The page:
Gastronomical choices abound – on any given day you can choose between market stalls which source the freshest produce from all over the country, taco joints, gourmet bistros, traditional cantinas, artisanal mezcal bars and inventive takes on the local cuisine.

The Mexican people display an unrivalled hospitality. They will throw open their doors and treat you with such courtesy that you’ll end up wondering how you’ll ever go home. Nothing means “no” here, which doesn’t exactly mean yes either – but it’s certainly a start.


Hotel Carlota

Located in up-and-coming Colonia Cuauhtemoc, enter through the mirrored glass facade of Hotel Carlota’s entrance into the stripped-back concrete courtyard and everything immediately becomes cooler. The swimming pool, which looks like a giant streamlined fish tank, doubles up as a watering hole for creative types who flock to the patio to sip kombucha tea by morning and mezcal by night.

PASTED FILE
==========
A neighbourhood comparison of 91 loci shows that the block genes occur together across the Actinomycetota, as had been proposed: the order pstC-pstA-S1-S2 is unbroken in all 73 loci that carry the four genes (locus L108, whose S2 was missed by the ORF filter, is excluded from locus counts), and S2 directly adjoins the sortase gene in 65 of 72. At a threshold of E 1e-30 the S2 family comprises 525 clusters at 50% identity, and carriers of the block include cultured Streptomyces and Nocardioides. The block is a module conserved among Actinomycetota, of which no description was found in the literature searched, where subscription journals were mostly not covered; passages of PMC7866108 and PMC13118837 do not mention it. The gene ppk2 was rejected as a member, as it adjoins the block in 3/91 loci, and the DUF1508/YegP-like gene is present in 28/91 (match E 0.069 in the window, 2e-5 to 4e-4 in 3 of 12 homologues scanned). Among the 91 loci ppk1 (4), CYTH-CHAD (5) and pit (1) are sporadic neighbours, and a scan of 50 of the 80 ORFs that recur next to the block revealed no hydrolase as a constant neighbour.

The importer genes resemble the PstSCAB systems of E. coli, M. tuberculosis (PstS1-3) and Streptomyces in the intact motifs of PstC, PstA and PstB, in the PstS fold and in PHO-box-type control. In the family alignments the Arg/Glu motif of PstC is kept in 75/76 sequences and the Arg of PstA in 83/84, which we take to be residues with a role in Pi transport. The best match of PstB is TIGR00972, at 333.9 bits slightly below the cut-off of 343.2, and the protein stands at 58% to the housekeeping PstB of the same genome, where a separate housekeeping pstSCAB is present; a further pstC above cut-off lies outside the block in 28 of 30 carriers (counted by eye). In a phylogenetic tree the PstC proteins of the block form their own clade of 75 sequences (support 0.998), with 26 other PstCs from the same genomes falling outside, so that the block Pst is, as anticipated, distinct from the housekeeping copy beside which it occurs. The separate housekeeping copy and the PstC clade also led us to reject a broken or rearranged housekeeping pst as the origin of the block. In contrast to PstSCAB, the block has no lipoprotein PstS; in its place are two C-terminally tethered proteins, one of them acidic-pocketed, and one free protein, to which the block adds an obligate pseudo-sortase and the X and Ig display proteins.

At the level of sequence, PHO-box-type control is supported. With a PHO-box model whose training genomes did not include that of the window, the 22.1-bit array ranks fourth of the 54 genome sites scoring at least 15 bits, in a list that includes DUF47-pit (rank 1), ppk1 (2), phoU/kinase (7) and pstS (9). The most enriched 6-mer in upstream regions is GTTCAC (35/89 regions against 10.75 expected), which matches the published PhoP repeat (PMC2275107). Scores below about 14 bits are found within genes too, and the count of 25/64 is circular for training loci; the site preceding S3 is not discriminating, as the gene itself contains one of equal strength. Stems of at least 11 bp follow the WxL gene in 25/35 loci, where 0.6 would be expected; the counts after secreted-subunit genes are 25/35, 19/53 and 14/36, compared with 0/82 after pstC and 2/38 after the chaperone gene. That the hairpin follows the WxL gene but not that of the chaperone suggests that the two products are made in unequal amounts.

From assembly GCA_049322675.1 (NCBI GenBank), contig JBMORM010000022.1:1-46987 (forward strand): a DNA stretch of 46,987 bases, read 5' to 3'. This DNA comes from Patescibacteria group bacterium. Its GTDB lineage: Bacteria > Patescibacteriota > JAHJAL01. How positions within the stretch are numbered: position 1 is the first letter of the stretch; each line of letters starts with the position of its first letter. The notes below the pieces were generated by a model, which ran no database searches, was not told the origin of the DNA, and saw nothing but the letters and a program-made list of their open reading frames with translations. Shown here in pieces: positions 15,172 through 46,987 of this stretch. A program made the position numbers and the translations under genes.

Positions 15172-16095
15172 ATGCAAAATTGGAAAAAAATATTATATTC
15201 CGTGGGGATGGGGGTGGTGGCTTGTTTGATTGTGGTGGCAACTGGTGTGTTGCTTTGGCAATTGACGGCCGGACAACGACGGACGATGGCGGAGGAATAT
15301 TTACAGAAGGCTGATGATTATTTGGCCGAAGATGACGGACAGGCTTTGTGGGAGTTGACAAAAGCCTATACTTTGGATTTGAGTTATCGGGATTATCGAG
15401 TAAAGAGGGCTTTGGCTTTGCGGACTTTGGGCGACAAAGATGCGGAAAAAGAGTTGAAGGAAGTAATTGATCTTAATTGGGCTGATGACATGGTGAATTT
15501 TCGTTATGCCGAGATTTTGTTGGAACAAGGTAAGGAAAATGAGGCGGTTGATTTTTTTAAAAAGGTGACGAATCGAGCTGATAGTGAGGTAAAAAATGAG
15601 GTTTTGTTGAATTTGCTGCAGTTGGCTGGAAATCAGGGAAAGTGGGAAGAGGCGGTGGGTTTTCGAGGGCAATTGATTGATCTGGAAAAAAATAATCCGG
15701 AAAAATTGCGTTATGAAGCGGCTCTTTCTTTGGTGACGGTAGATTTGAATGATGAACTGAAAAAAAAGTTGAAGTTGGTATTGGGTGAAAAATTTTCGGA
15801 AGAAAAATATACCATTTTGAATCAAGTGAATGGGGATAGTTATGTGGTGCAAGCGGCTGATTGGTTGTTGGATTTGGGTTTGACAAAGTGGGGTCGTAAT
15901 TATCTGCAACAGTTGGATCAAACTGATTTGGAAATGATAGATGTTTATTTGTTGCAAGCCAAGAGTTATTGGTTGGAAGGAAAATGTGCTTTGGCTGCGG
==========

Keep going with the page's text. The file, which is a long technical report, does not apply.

• +52 555 511 6300
  • Go to Website
  • Río Amazonas 73 Colonia
    06500 CDMX

La Valise

Set inside an early 20th-century French mansion, this small boutique hotel offers an intimate stay in La Roma. As a nod to the signature style of their founder and owner Yves Naman, the main accents in the hotel are wooden, velvet and metal. Below the hotel is a coffee shop call Alma Negra, offering complimentary coffee to guests from AM to PM. Try to book the top-floor room – the king-size bed rolls from inside the bedroom out to the exterior rooftop terrace so you can sleep under the stars.

Camino Real Polanco

Originally built for the 1968 Olympics, this modernist Mexican building is one for design lovers. Weave your way through corridors filled with world-famous artwork to find your brightly coloured bedroom (in varying shades of pink, yellow, blue and orange), or head outside to admire the caldera-shaped fountain and take a dip in the pool. As the sun sets, head to the restaurant to dine on traditional Mexican food and sip on tequila-based cocktails.

Chaya B&B

Next to the emblematic Alameda park, this B&B sits atop a recently renovated building which houses some of the city’s most on-trend new brands, art galleries, projects and eateries. A hotel “for travellers, by travellers”, Chaya’s see globetrotting as a way of life and give you the tools to make a stay in Mexico City as memorable as can be. Their nine spacious rooms and two suites have simple decor which feels like a home away from home.